Remembering a World at War
["Veterans stand together at London's cenotaph, 2010"]
["...shimmering silhouettes of aging veterans"]
My father passed away about three months later but I have no doubt Remembrance Day, November 11, 2013 will be a good day as well.
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Today's quote -
"By the end of the war in 1945, 40 out of every 100 Canadian men
had entered the armed forces for an approximate total of 735,000 males
between the ages of 18 and 45. That's an astounding figure in a country
with a population as small as ours was (12 million) at that time."
[Voices of a War Remembered, Bill McNeil]
Today's story -
Signing Up Means Leaving Home
As I have come to understand the reasons why many men and some women signed up at recruiting stations for involvement in battles or work related to World War 2, reasons changed with the times. When Canada declared war on Germany (about a week after Britain did), recruiting offices couldn't keep up with the first wave of people coming through the doors, because along with the Depression in the 1930s had come a severe lack of decent jobs across Canada.
"For the unemployed it seemed like the opportunity they had
been waiting for - a job with three guaranteed meals, a dollar
and thirty cents a day, a suit of khaki or blue-coloured clothing
and all the glamour a poor boy could ask for."
[pg. 1, Voices of a War Remembered]
That the first wave 'stampeded off to war' may be an apt description. But shortly thereafter a second wave followed, as the war began to look worse and worse for the Allies. Men and women then left their jobs to sign up "because they really did want to do something for their country and they wanted to get over there and "kick the hell out of Hitler."" [pg. 6, Ibid]
I feel my father was part of that second wave because on March 1, 1941 (18 months after Canada's declaration of war) he left his job at the Norwich Co-op "and joined the navy as a probationary rating, at Hamilton, taking instructions each evening." He says little in his memoirs or other stories (e.g., for his hometown newspaper) about the signing up process or how he felt before leaving home, but I realize, before he arrived in Hamilton for his first round of training, he had to quit a job, pack a bag and say good-bye to his mother and brothers and sisters. The 'leaving home' would have been one of the first big challenges he had to face on his way to training camps and later to direct involvement in the war, as it was for many other men and women, whether they signed up and left home - and mothers, fathers, and in some cases, wives and children - for very practical or patriotic reasons.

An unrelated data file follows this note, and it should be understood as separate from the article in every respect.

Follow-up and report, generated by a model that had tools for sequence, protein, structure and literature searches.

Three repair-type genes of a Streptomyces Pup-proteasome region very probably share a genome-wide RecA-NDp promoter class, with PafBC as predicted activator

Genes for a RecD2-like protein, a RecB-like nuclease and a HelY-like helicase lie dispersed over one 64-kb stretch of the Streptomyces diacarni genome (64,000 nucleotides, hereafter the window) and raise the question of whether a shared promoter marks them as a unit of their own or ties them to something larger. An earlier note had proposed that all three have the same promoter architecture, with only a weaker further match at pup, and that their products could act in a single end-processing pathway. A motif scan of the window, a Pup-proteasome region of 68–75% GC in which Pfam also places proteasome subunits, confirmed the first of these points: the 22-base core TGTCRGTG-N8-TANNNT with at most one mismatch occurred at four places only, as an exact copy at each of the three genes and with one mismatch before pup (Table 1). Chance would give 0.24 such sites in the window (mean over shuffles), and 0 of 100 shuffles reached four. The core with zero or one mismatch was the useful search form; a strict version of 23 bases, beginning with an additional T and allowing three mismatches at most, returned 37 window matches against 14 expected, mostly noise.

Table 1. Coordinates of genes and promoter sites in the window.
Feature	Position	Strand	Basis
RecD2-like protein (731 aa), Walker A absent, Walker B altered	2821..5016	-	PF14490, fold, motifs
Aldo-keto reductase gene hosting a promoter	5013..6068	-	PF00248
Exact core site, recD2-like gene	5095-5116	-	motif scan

About how his mother (and other mothers) may have felt at the time, my father writes the following:
As time passed the boys, including myself, worked and paid board.
It didn’t make the workload any easier for mother, but finances
became less of a worry. She could smile and join in the banter at
meal times, but she never let up on a high code of ethics.
The war came and as some of us had enlisted, it was a sad time
for all of us, and particularly mother. Life had improved for her,
and hard work had paid off, and suddenly the wheels fell off, so to
speak. Her life went ‘on hold’ and the worries once again came to
the fore; what she cherished could be lost.
While I was overseas she constantly wrote and sent parcels. I sent
word home of her sister and brother, whom I visited in London,
England, and whose faces had long been forgotten.
[The Norwich Gazette, circa 1992]
[Father with his mother, Alice - Christmas leave, 1941:
Photo as it appeared in The Norwich Gazette, circa 1992]
That 'wheels fell off', life went on hold and families deeply missed their boys and girls, and boys and girls missed their families cannot be denied. More to follow.
Please click here to read time, like a silent river (2)